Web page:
The show treats us to lovingly crafted exteriors, in beautiful widescreen splendor, but the editors seem to get lost looking at them and forget to move on to the next shot in a timely fashion. The pacing of the show starts out a bit too slow for my taste, but as it moves through the season it accelerates nicely.
10) 1965 Tech Meets 2018 Visuals
While the production design is gorgeous (and that’s not hyperbole), there are these odd moments where the story’s tech level drops back to 1965. One example – the spring-hoisted CB radio mic in the Rambler. Huh? No com badges? Wireless mics? Car audio mic in the visor? iPhone, even? I suspect the producers or writers wanted to have some nods to the old show’s tech, but the juxtaposition of ~50 years of technical advancement in a very futuristic setting is just jarring.
Bonus: There are a couple of fun tributes to the old show:
~ Bill Mumy has a cameo.
~ Jonathan Harris gets a tribute, but you have to be a real fan to get it.
~ Debbie. That’s all I’ll say.
This is a different sci-fi show than we are used to these days. It’s not dark, or gritty. It has a little bit of everything: humor, action, aliens, danger, mystery, and plot-holes you can drive a flying saucer through. But you can actually watch it with your kids and parents and have a good time. And I’m here for that.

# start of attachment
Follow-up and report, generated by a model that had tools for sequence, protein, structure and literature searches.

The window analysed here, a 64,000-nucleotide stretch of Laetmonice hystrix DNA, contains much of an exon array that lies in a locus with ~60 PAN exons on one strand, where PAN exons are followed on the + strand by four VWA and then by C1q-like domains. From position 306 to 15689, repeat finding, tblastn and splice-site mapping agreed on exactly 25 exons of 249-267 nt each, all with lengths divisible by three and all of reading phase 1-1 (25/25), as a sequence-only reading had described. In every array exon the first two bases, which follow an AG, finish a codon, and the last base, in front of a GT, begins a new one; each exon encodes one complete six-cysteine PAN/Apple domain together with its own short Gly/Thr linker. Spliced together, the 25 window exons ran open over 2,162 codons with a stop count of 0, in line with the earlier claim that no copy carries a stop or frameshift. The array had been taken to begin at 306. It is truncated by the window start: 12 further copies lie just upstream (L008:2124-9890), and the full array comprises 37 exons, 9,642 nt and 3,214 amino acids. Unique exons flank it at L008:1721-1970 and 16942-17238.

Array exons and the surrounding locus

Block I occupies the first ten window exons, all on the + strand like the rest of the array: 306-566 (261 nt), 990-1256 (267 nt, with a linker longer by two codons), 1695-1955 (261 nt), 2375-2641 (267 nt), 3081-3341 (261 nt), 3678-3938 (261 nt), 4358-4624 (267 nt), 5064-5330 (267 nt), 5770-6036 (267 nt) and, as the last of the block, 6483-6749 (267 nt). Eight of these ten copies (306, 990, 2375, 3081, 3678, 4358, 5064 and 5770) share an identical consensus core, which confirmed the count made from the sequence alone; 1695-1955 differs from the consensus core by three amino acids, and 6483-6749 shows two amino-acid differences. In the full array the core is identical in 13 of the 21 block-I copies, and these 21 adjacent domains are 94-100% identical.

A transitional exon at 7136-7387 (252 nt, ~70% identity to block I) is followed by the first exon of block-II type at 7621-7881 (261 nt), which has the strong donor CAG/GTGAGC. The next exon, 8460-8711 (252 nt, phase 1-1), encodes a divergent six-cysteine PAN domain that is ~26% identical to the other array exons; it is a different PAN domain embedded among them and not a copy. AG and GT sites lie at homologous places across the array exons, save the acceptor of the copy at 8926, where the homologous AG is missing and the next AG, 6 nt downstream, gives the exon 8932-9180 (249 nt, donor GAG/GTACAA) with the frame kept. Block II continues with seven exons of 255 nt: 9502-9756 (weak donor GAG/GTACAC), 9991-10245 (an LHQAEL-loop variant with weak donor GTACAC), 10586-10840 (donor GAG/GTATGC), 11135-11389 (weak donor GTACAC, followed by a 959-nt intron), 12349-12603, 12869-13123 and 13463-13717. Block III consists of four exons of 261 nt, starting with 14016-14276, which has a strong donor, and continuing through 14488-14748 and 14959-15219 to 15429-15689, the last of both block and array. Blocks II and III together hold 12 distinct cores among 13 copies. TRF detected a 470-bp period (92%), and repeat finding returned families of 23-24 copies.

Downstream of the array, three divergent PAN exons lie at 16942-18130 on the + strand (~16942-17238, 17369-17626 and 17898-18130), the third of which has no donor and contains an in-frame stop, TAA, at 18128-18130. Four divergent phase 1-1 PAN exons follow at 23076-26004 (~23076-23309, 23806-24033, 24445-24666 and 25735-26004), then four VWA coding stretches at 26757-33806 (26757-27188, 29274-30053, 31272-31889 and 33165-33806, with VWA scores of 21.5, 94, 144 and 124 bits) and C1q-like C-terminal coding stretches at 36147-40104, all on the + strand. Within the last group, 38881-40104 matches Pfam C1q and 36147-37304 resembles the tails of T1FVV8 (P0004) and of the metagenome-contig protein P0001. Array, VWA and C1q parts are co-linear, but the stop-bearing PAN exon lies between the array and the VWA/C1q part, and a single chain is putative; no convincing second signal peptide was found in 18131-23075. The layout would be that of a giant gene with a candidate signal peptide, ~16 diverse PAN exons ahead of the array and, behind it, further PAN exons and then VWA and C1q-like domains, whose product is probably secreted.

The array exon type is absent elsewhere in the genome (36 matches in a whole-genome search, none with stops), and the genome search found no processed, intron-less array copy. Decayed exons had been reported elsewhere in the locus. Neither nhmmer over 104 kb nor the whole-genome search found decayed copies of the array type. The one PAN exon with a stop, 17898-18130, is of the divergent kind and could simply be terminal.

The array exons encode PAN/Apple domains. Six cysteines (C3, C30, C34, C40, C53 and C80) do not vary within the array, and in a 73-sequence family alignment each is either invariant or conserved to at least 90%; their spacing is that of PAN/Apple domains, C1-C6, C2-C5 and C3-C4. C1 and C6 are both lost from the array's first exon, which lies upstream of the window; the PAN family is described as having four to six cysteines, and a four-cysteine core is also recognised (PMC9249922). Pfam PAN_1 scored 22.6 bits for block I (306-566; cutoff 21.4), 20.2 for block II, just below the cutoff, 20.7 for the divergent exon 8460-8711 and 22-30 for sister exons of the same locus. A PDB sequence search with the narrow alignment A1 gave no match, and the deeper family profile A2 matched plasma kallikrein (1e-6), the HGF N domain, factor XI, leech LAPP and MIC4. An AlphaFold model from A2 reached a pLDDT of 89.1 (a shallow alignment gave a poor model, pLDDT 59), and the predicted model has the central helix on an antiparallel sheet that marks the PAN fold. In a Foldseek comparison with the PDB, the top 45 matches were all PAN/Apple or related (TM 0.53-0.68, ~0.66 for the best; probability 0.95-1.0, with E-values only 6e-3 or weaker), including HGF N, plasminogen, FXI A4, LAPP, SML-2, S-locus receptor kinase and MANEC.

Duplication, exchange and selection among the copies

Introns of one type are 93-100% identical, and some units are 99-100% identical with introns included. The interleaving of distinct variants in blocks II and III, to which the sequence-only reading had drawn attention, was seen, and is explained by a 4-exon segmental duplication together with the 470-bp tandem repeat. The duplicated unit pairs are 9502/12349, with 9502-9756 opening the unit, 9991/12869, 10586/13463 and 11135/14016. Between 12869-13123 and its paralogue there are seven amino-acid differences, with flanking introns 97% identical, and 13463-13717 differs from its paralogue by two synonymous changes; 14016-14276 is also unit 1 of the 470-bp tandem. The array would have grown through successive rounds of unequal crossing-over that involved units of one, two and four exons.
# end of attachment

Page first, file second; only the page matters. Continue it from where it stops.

Written by DaVette See
Originally from the Midwest, DaVette lives in Inglewood, CA and can’t name a single sports team. She’s a sci-fi fan, a movie geek, a drama freak, a Trekkie, and a Browncoat. She has a BA in English and Theater, as well as a Law degree, but don’t hold that against her. She acted and directed for the stage for many years, but really loves filmmaking and writing. She owns Running Lady Studios and she is the producer/star of the web-based talk show, Afro Bites! She is wife to Rob, daughter to Martha, and mom to seven (yes seven) cats. When not covered in fur, she’s a West Coast correspondent and occasional movie reviewer for BGN. Follow DaVette on Twitter and IG @mariavah.